Meet a Maker: Kheedim Oh, Mama O’s Kimchi
Kheedim Oh did not set out to start a business. Mama O’s Kimchi, his Brooklyn-based kimchi company, is celebrating 10 years in business this year and aims to become the top brand in the category. But when Kheedim was spending years reverse-engineering and refining a kimchi recipe, he really just wanted some of his mom’s delicious kimchi for himself. Eventually, as he gifted the fruits of his labor to friends and neighbors, a business emerged.
Today, Mama O’s produces a ton of kimchi per week and can be found in stores across the country. Does a food entrepreneur with a 10 year old business have everything figured out? Definitely not, but Oh still has plenty of lessons to share.
Mama O’s is now 10 years old. What is it like to have 10 years under your belt?
It’s bizarre. I never set out to start a business, it just came about because I personally wanted some kimchi. All the stuff in the store was terrible, so I asked my mom to teach me how to make it. It developed from there. My main thing has always been music, and I’ve been a musician and DJ for my entire adult life. I still do it, but not as much.
It’s funny, it didn’t even really feel like a business until 4 or 5 years ago. That’s when I really settled in, and we had these orders, and we had to fulfill them or people were going to be pissed off. So that’s how it feels to be 10 years old: it’s kind of weird that this is what I do now! But it’s great, because business is growing and I’m able to employ people and help them improve their lives as well.
Is there some part of having a food business that fulfills a different part of you than your DJ-ing does?
For me, it’s the same thing. It’s another mode of creative expression. It’s chopping and mixing, but just a different medium. Back in around 2009, that was the big rush of new food companies and I saw the parallels between these young food companies and music bands. Food entrepreneurship was a mode of creative expression in which you create a unique product and share it with people, and if they’re into it, they can follow you like they follow bands.
How long were you running the business on your own before you had employees?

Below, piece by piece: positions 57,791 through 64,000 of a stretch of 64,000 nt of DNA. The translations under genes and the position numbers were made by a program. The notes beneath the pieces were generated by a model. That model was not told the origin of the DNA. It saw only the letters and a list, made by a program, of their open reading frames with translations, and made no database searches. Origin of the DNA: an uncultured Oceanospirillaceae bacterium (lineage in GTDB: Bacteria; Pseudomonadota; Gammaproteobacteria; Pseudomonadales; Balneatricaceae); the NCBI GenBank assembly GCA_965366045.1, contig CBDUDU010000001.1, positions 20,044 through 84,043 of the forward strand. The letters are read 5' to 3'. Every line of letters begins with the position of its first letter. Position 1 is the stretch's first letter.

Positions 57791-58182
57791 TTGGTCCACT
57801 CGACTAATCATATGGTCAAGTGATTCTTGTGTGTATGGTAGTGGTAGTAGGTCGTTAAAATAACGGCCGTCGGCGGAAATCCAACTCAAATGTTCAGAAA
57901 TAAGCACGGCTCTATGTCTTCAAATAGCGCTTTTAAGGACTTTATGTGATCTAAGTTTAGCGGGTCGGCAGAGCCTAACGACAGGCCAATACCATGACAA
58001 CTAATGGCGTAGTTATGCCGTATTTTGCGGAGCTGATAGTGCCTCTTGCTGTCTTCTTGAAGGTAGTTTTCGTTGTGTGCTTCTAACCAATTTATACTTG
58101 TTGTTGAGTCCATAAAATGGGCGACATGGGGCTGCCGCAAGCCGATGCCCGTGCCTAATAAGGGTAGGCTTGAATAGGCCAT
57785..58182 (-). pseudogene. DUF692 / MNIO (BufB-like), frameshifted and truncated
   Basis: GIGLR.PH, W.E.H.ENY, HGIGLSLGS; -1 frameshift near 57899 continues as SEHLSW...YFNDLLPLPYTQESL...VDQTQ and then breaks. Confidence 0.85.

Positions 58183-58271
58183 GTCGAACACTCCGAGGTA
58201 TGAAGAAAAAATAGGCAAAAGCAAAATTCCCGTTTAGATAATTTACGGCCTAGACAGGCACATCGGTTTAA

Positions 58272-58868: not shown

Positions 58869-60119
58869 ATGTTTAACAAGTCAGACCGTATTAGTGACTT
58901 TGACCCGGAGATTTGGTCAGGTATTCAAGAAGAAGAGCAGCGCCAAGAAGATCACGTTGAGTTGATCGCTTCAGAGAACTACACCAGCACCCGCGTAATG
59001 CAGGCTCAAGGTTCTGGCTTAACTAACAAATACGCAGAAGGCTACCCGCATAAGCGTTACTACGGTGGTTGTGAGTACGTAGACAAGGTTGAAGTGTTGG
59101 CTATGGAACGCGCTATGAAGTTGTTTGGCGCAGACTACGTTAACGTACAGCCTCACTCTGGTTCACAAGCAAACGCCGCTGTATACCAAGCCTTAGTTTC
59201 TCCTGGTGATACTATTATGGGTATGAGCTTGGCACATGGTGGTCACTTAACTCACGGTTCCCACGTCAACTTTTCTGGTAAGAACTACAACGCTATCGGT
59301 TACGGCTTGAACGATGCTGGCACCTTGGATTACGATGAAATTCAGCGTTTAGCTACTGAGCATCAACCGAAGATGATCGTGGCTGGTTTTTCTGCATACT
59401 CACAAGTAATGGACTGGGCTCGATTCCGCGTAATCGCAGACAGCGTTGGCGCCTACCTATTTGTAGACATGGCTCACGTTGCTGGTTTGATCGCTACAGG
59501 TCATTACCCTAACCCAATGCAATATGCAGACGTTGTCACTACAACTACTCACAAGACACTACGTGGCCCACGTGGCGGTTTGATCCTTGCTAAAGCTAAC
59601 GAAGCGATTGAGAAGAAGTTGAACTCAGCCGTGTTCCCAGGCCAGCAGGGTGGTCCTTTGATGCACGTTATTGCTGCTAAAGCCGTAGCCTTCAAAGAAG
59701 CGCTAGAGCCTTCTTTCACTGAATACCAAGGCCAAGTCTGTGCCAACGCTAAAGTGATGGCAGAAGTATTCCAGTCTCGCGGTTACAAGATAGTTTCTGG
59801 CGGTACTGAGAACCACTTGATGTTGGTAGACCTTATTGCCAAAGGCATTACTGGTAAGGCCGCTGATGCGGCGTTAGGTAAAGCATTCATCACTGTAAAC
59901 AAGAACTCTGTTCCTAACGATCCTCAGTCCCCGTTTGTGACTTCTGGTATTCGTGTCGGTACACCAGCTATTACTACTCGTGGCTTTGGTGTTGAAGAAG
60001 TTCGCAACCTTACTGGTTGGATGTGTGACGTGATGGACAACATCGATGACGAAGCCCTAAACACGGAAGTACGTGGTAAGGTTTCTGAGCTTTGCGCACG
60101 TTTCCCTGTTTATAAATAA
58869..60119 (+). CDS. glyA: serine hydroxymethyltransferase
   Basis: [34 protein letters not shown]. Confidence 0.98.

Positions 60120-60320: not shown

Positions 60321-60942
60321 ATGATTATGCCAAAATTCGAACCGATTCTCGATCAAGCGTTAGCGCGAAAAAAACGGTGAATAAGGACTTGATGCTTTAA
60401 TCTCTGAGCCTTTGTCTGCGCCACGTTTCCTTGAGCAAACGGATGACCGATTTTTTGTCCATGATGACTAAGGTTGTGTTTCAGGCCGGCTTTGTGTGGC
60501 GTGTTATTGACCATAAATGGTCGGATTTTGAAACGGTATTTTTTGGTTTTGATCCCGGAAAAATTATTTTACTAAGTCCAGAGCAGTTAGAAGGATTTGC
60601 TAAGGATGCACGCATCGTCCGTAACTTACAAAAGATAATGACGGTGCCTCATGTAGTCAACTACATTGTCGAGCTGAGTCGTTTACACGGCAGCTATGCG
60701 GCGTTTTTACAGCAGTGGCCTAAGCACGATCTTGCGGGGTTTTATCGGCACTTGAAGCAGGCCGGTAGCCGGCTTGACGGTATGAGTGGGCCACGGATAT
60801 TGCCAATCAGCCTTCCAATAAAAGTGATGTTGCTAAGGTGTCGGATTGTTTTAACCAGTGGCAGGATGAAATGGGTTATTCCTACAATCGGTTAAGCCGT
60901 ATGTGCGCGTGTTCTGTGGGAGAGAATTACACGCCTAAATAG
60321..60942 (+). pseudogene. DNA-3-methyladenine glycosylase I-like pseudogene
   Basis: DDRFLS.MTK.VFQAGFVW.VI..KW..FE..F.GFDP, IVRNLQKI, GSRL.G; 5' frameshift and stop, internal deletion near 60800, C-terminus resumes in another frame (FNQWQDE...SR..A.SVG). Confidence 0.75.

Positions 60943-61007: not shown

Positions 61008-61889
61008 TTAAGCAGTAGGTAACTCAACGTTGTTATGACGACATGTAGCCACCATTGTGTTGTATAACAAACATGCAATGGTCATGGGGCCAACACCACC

What was it like to hire people and hand off some of your baby to them?
It was great. It freed me up to do fun things like email.
I only hired for production. I am a little short-staffed because I do everything else. I do all the sales, account management, and planning. I wear a lot of hats. The real tough part, that every budding entrepreneur is going to face, is that you have to wear a lot of hats and you don’t have the luxury of focus. It’s really hard. It’s just a luxury that you’re not going to have in the beginning, unless you have money. That’s the bottom line.
If you’re lucky enough to get a loan from your folks or whatnot and you can hire staff, that’s great. I just never had any of that. I’m working towards hiring someone, but I’ve also hired someone before and they didn’t work out.
How has your typical day changed since Day 1?
I started with $50 and a skateboard. I didn’t have funding, and I don’t have any investors to this day. I was making it out of my apartment when I first started, and delivering it a case at a time via the subway. It the same time, I was trying to push my music career and performing at night.
The main difference between then and now is that now I’m much less hands-on in terms of production. Now I’m trying to get more business and do higher-order thinking on how to run the business, the direction, and all that good stuff.
Is Mama O’s where you thought it would be, after 10 years?
I didn’t have a 10 year plan, or sales goals, or anything like that. My goal is to create the best kimchi I can make and that never wavered. Business can always be better, and it can definitely always be worse. You can think about missed opportunities, like in the beginning I didn’t treat this very seriously and you can lose ground that way. But at the same time, there’s no one template for how to run a business.